Board of Immigration Appeals
The BIA reviews the decisions of the U.S. immigration courts, some decisions of U.S. Citizenship and Immigration Services, and immigration violation arrests by U.S. Customs and Border Protection and U.S. Immigration and Customs Enforcement. BIA decisions are the final administrative action in a given case, and the next stage of appeal after a BIA decision is usually in the United States courts of appeals if an appeal is allowed by statute.
The BIA is located in Falls Church, Virginia, and, as of April 2009, had 14 Board Members, who are administrative judges appointed by the U.S. Attorney General. The size of the full BIA varies from time to time, depending on resignations, retirements and new appointments; it may have up to fifteen board members under the current authorizing legislation. Decisions issued by the BIA are by made up of three member panels in limited circumstances. Otherwise, the vast majority of cases are decided by single panel members. A single panel member can also use a process called summary affirmance, used in 10% of cases (as of 2008), to affirm the lower court without issuing a written decision.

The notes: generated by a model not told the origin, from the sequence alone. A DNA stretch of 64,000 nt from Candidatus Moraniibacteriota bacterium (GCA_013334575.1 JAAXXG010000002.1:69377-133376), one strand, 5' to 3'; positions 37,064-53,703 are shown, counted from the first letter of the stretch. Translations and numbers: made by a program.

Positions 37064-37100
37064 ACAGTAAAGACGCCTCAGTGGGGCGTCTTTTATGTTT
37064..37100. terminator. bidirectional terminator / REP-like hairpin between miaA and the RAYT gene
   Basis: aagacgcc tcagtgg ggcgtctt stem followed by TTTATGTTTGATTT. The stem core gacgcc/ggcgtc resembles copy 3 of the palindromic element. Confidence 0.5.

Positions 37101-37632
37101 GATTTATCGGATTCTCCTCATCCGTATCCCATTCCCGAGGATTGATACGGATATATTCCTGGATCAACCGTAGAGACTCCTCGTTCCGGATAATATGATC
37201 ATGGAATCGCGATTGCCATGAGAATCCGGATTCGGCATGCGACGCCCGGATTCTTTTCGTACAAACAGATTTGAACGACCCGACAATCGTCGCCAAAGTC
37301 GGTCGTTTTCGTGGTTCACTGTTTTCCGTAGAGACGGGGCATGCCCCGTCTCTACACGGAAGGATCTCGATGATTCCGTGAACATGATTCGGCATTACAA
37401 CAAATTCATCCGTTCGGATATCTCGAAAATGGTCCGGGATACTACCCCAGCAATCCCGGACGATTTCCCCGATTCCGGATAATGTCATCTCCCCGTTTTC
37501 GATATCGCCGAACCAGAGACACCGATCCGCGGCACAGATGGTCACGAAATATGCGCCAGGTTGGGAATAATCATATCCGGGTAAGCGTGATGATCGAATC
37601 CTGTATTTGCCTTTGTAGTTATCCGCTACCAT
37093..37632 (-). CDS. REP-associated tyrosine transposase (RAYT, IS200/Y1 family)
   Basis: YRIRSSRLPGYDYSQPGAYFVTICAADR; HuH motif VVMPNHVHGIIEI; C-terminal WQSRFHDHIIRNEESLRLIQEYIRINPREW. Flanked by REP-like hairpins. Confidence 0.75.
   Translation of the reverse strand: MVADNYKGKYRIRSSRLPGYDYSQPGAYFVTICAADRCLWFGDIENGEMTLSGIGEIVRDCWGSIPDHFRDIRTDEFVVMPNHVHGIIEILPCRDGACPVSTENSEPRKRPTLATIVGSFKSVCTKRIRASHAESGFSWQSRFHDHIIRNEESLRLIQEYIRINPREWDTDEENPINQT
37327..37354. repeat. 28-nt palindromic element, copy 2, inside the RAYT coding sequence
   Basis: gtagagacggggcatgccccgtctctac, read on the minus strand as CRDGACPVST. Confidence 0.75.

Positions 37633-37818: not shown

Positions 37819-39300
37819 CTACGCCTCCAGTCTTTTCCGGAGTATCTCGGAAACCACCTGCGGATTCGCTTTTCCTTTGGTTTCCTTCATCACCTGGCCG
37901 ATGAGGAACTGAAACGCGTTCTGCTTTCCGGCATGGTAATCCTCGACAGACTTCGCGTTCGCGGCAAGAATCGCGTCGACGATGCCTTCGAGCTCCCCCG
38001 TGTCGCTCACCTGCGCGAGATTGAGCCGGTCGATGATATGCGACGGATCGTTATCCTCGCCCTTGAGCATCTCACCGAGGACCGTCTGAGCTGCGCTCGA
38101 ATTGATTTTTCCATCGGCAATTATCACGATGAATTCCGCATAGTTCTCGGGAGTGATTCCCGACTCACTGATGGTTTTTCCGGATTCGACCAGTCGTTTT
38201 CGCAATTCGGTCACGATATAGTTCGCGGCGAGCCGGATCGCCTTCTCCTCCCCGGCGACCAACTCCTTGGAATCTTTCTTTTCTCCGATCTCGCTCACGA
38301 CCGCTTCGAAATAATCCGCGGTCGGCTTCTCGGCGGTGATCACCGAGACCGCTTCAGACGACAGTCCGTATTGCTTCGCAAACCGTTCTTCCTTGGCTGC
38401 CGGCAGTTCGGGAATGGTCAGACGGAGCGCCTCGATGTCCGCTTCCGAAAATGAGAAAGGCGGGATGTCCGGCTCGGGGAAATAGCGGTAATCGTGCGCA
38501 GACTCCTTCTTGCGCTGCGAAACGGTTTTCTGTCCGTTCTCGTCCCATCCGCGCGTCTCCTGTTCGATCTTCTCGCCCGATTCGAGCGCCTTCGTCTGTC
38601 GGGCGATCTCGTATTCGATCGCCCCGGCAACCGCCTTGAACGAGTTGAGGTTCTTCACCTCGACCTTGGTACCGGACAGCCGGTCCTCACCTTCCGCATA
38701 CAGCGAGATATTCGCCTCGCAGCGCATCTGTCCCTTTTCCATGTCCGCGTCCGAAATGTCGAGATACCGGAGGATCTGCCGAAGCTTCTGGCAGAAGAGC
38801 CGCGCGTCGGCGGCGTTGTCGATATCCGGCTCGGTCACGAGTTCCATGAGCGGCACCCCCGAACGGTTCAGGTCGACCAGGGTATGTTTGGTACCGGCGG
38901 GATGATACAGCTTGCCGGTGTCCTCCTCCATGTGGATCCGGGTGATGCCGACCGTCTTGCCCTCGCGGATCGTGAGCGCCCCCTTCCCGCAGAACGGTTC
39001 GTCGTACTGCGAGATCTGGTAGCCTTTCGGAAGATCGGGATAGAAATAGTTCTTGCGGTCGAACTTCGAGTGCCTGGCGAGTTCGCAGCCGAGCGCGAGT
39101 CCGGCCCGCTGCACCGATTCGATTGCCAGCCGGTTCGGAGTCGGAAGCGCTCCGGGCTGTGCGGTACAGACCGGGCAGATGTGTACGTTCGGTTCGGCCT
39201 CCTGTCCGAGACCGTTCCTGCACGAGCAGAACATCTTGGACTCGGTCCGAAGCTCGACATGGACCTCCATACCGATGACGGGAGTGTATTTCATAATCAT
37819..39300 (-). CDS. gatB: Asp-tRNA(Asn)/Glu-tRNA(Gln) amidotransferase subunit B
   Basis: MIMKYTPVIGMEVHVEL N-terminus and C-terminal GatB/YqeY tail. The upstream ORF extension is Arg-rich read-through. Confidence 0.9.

The BIA is notable in that one need not be an attorney to appear before it representing a client. However, non-attorneys must be part of a BIA-recognized organization (generally a nonprofit), and also have obtained BIA accreditation as individuals. A practice manual for appearing before the BIA is available from the U.S. Department of Justice. A handbook explaining the accreditation and recognition process is available from the nonprofit Catholic Legal Immigration Network (CLINIC).
- Board of Immigration Appeals
- Decisions of the Board of Immigration Appeals
- Executive Office for Immigration Review
- List of Free Legal Service Providers provided by the U.S. Department of Justice
|This United States government–related article is a stub. You can help Wikipedia by expanding it.|